Root Rot in Trees: Frequently Asked Questions
If the once healthy trees in your backyard suddenly appear unhealthy, this might make you suspect your tree has severely decayed or is dying. If you've checked the tree for signs of insect infestation, damage animals have caused, or other obvious signs of disease or physical harm, the problem might not be visible above ground.
Here are a few frequently asked questions you might have about tree root rot.
What Exactly Is Root Rot?
As the name would suggest, root rot refers to the decay of a plant's root system. The condition occurs in both indoor and outdoor plants, shrubs, and trees. If you discover the source of the root rot early and the root system doesn't have severe damage, saving your tree is possible. Unfortunately, because the root is under the ground, diagnosing this issue in time to save the tree is often difficult.
What Causes Root Rot in Trees?
Trees will develop root rot for two main reasons: poor drainage that results in oversaturated soil, as well as fungal infections.
When the soil has too much moisture, the roots become too saturated and cannot pull oxygen from the ground. Compacted soil doesn't allow water to drain away from the root system, which traps moisture around the roots.
Fungal spores are naturally present in soil, but a lack of moisture and nutrients keeps them dormant. When the conditions are ideal, including compacted soil or overwatered trees, the dormant fungal spores begin reproducing. The roots provide another source of nutrients, and the fungus will begin to spread rapidly.
Rhizoctonia, Pythium, Phytophthora, and Armillaria are a few common fungal infections that can cause root rot.
What Are the Symptoms of Root Rot?
Trees suffering from root rot cannot properly absorb the nutrients and minerals they require to thrive from the ground. This is the same reason trees will wilt and suffer serious damage or death during droughts. Here are a few symptoms of root rot to watch for:
Wilted or brown leaves
Smaller than normal leaves
Weak and decaying branches
Severe fungal growth can spread from the roots to the trunk and branches. Root rot can cause cankers, darker sap, and dark bands or lines.
How Do You Diagnose Root Rot?
If you suspect one or many of your trees suffers from root rot, contact a professional to make the diagnosis. The root system of larger trees is expansive, and to diagnose root rot, a tree specialist must dig underground and locate sections of the affected roots.
Diagnosing root rot in smaller, younger trees is also tricky, especially if you're not sure what to look for, and a professional should be contacted in these instances as well.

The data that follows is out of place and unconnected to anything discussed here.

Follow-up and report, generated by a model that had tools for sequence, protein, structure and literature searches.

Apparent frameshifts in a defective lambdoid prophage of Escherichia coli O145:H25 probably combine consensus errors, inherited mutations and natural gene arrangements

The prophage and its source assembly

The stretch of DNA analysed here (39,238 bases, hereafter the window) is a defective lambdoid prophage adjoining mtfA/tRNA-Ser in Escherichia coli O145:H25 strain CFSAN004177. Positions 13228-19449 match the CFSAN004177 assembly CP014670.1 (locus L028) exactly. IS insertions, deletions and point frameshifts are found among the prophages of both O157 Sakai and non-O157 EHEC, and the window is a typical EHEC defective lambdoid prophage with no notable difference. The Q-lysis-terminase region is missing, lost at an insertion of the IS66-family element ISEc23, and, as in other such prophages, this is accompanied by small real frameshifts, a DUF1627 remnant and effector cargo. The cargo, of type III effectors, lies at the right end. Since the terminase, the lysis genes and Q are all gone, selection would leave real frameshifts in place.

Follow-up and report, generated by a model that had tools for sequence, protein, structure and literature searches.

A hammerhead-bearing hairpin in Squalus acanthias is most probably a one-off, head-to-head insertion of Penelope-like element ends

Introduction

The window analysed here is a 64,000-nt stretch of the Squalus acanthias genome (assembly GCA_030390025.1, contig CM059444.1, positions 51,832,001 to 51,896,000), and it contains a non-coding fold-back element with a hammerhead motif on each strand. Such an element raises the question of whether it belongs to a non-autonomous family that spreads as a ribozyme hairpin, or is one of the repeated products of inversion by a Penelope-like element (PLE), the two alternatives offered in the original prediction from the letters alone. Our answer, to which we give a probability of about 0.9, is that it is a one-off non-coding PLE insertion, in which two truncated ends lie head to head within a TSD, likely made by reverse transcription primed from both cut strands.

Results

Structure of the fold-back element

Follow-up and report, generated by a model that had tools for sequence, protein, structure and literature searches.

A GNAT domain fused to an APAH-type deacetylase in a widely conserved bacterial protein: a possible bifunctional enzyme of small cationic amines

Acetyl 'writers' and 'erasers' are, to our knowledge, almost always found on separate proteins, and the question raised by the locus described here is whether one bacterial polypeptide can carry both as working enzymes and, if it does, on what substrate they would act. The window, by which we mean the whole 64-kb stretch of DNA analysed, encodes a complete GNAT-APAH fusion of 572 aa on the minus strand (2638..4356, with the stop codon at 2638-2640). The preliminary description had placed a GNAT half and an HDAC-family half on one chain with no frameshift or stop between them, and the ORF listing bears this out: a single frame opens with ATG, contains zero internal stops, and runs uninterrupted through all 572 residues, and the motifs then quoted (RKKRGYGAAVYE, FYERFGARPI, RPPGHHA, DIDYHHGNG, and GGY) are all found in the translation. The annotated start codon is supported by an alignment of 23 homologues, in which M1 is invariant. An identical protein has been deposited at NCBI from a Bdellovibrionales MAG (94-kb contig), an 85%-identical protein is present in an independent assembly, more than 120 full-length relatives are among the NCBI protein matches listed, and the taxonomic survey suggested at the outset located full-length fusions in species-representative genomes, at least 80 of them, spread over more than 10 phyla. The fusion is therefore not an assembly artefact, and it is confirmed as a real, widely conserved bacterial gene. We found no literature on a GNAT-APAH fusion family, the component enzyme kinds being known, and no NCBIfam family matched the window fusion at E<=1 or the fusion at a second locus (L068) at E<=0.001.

Is Root Rot Curable?
Curing root rot in plants and trees is possible, especially if the foliage is in the early stages of root rot or if the decay isn't widespread. Unfortunately, because digging up larger trees to access the roots that are decayed or dead is impossible, curing root rot in established trees is very difficult. Digging up younger trees with shallow and smaller root systems is possible.
Begin by carefully digging around the younger tree, making sure to remove as much of the intact root system as possible. Rinse off the root ball with your garden hose, and carefully cut away the affected sections. Treating the tree roots with fungicide can help prevent root rot from forming in the future.
Replant the smaller tree in an area where the soil is loose and not overly saturated. A tree service can help you find an ideal spot for your tree to help ensure your tree thrives.
Leave treating a fungal infection to the professionals as well. Utilizing the wrong type of fungicide can cause even more damage to your already vulnerable tree. A tree care specialist will analyze and diagnose the type of fungus on your property. The specialist will apply a targeted fungicide to the affected trees according to the fungicide's manufacturer and your arborist's recommendations.
If the tree is larger and the root rot is caught early, a tree specialist can attempt to prevent further decay by amending the soil. Unfortunately, if the root rot has damaged too much of the root system in a larger, established tree, your arborist might recommend removing the tree and root system to prevent the root rot from spreading.
How Can I Prevent Root Rot?
Plant your trees in properly cultivated and amended soil. Avoid overwatering newly planted trees. Creating a moat around trees can help prevent water from pooling around the trunks. Your arborist can help you choose heartier, disease-resistant trees that will thrive in your backyard's soil conditions.
Root rot is a serious problem that you can prevent. If you have additional questions, contact the professionals at Pete & Ron's Tree Service, Inc.